04 Mar. 2013 | Comments (0) Share Follow @Conferenceboard
Watch the on-demand recording of Alison Maitland's Book Discussion web cast from January 2012, featuring her book, Future Work: How Businesses Can Adapt and Thrive In The New World Of Work.
If you want to drive up the value of your company, banning work flexibility may not be the best policy. Many commentators have criticised Yahoo CEO Marissa Mayer’s move to pull all remote workers back into the office, and view this move as likely to backfire and damage morale. Others have supported it, arguing that she is right to believe collaboration must be done face-to-face, and that Yahoo needs to be tough to regain its edge.
Either way, it would be wrong for Yahoo, or any other company, to ignore how employees feel about such a move. An instructive study from Wharton business school, recently published in the peer-reviewed Academy of Management Perspectives, has found what it claims is the strongest evidence to date that employee satisfaction boosts the value of a company.
The study demonstrated that companies where employee satisfaction is high – measured by their inclusion in the “100 Best Companies to Work For in America” listing – generate substantially higher annual stock returns over the long term than their peers.
“Proving that contented employees directly improve the bottom line has been hard. Investors still prefer to rely on traditional financial data when assessing a company’s value, so there is little market pressure on management to make a priority of keeping employees satisfied,” says Alex Edmans, assistant professor of finance at Wharton. His findings should help to change that.
What is directly relevant to the Yahoo story is that inclusion in the prestigious “Best Companies” list is based on employee and manager ratings of trust, fairness, diversity, communication, respect, work-life balance and other such issues.
Edmans points out that most studies have investigated the correlation between job satisfaction and the performance of the individual, rather than the overall value of the company. To avoid the possibility that the higher returns he found were caused by the publicity surrounding a company’s inclusion in the list rather than by actual employee job satisfaction, he calculated the stock market returns from the month after the announcement of the list.
He found that firms included in the “best companies” listing generated between 2.3% and 3.8% higher stock returns per year than their peers between 1984 and 2011. This finding is significant enough, but, what’s more, these companies systematically beat earnings estimates from stock market analysts. This outcome, he says, suggests that employee satisfaction is “a valuable characteristic that is not fully valued by the market.”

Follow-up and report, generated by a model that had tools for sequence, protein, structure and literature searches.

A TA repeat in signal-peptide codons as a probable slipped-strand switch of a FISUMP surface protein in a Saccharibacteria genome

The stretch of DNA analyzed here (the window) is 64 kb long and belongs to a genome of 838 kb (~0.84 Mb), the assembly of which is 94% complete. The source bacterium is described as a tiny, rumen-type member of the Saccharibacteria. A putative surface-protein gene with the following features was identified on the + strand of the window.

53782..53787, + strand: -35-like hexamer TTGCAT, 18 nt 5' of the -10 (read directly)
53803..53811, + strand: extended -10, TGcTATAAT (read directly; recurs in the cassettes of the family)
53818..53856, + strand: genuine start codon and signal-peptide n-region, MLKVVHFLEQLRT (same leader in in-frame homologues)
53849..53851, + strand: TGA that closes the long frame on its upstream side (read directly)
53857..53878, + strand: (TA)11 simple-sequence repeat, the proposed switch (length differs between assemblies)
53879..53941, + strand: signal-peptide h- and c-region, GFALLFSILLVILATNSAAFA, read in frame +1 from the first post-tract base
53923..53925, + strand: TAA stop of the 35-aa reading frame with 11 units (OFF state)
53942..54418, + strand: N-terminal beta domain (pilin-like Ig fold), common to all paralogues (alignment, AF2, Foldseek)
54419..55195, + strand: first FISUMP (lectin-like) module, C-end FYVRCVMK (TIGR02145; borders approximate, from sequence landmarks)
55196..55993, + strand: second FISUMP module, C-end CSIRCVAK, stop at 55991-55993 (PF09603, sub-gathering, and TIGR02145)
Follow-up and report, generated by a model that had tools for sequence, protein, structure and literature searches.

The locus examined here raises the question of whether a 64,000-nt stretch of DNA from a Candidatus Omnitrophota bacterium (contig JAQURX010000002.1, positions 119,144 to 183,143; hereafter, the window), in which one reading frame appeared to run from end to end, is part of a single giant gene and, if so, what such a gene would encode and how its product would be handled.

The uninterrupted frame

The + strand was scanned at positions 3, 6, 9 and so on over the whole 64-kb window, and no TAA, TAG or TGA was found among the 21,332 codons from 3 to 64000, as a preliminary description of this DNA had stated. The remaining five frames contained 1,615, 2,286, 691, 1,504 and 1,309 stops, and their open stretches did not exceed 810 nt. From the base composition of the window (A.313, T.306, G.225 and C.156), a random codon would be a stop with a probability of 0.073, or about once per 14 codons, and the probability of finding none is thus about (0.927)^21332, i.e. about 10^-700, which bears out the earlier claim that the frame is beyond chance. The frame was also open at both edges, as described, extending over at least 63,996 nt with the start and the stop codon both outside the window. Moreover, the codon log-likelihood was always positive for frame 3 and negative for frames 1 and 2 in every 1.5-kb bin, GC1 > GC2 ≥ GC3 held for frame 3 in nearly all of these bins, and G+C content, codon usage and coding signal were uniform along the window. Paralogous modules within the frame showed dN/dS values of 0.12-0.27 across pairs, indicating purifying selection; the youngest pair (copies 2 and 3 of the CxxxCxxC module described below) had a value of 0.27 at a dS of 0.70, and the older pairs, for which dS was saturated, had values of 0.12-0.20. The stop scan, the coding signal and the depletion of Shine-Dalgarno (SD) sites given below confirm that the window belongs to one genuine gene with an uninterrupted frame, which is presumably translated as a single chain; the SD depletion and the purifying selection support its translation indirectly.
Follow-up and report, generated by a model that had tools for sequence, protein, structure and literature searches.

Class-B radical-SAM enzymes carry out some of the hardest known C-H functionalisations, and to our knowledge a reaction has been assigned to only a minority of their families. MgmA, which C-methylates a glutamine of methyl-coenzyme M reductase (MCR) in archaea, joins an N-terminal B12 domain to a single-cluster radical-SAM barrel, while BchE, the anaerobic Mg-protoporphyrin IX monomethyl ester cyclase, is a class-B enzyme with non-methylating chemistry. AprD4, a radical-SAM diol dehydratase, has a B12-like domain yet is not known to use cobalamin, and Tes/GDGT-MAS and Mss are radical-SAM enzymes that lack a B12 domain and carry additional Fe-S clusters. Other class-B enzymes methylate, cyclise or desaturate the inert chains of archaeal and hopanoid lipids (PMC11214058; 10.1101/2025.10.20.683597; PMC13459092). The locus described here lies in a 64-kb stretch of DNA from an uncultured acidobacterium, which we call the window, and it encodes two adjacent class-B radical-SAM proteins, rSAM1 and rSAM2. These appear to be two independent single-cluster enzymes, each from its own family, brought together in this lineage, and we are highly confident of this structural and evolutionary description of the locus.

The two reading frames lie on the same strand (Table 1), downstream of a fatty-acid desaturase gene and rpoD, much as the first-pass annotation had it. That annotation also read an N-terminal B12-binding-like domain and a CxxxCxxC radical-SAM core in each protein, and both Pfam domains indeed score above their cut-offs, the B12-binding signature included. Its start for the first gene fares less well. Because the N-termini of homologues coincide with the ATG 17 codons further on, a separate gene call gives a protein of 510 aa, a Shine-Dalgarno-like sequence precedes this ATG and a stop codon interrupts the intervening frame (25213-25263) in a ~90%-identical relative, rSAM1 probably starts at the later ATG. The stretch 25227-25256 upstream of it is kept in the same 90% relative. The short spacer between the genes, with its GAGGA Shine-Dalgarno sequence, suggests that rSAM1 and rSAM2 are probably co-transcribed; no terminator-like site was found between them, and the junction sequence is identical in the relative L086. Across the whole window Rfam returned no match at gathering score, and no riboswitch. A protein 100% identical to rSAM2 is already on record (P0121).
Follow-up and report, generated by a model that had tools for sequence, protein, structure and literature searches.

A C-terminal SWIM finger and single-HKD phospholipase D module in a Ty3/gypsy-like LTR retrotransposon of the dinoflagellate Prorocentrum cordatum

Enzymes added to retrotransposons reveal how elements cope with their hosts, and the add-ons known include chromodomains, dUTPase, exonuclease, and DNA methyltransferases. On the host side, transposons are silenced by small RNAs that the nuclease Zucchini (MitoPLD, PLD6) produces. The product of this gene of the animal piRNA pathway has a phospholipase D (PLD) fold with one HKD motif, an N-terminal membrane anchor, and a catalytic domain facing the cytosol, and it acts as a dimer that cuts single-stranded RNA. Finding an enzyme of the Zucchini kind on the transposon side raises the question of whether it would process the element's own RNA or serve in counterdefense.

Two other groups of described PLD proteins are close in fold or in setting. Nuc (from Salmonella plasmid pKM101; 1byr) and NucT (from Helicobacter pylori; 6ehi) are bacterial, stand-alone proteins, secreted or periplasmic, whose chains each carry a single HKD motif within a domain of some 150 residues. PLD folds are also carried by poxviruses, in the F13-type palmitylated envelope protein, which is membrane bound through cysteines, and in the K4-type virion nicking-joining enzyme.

Why might markets not have fully understood this value? It comes down to their short-term focus, compared with the longer-term nature of the link between a satisfied workforce and higher earnings.
“The market is slow to fully value intangible assets – even when they are independently verified by a highly visible survey [such as the Best Companies list],” writes Edmans. “Instead, an intangible affects the stock price only when it later shows up in tangibles that are valued by the market, such as earnings announcements.”
This evidence that having satisfied employees generates long-term shareholder returns means that it makes business sense for companies to invest seriously in their people, to treat them fairly, to trust them, to respect individual differences, and to handle internal communications well. Such an investment will, however, take time to bear fruit, and the returns to shareholders may only show up over time.
Companies need to support managers in investing in their people, and protect them from the short-term judgment of markets. This can be difficult when there is heavy pressure to refocus a struggling business. Yet, Yahoo and other companies facing similar challenges should understand that it pays in the long term to keep your people happy, whatever that takes.